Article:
Tim dared to tell me that my writing was punchy. Noun-verb. Noun-verb. One short sentence after another. I had prided myself on a punchy style—more journalistic than devotional, I thought—but Tim was right. Punchy prose makes readers feel that they’re getting punched. It’s not enjoyable to read.

“Change it up,” Tim said. “Vary your rhythm. A long sentence can be clear if its ideas are in order. And the variation can create a pleasant reading experience.”

The Adams Family

One more stop on this journey of discovery.  Today. I’m working on a project now, creating a collection of material quoted from American Christians of the last four centuries. It’s a fascinating study in styles of communication and how they’ve changed. In general, writers of the past were far more verbose than their modern counterparts. I can’t rewrite these quotations, but I can cut them off when they start to wander. (Ellipses are such wonderful tools!)

But my overwhelming impression about previous generations of wordsmiths is that they loved to write. Abigail Adams took five sentences to tell her husband what I could edit down to one, but clearly she was having a great time finding different ways to make her point. For her, and for many in past centuries, writing was not merely a conduit for ideas; it was a sport, an art, a pastime. Writing was their YouTube.

So maybe it’s okay to use a five-dollar word once in a while—for the fun of it. Maybe a run-on sentence could reflect something delightful about my state of mind. Maybe there’s a pleasing rhythm in a well-turned sentence. Maybe I can forget the rules once in a while and just play.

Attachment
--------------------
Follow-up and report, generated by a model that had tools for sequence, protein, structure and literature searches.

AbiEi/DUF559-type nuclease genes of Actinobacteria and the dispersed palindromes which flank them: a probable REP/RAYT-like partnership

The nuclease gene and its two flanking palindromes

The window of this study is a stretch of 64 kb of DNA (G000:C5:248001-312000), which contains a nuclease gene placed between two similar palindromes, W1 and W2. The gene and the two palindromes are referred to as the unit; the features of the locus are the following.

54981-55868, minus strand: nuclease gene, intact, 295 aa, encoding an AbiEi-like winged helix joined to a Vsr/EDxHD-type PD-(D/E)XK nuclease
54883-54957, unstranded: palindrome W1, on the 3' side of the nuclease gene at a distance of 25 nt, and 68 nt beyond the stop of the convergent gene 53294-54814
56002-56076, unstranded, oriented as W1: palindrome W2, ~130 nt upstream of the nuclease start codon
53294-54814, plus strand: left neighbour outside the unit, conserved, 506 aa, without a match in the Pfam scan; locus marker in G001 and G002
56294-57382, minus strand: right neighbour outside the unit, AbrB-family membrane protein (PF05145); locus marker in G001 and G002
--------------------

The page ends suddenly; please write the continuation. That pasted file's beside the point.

Fly a Little

The brilliant Joyce Ellis wrote a great piece in this space recently urging us to tighten up on verbal constructions that are redundant or unnecessarily wordy. She is absolutely right. Tight language keeps the reader’s energy with you, and it can free up space elsewhere in your writing (especially if you’re on a word count).

But good writing is not always short writing. Sometimes you need to spread your wings and fly. Have fun with it, and bring your readers along. Let your sentences be as long as they need to be, as we celebrate our delight in this gift of language.

Habits that Lead to Sales

Write every day whether you feel like it or not. Keep a journal and [an] idea notebook. Write to editors and writers that you admire and share your ideas. Take them to lunch if you can. Attend their workshops and writers’ seminars. . . Most of all, write. Write. Write. Write as if your legacy would be a book.

Michael Ray Smith, FeatureWriting.Net: Timeless Feature Story Ideas in an Online World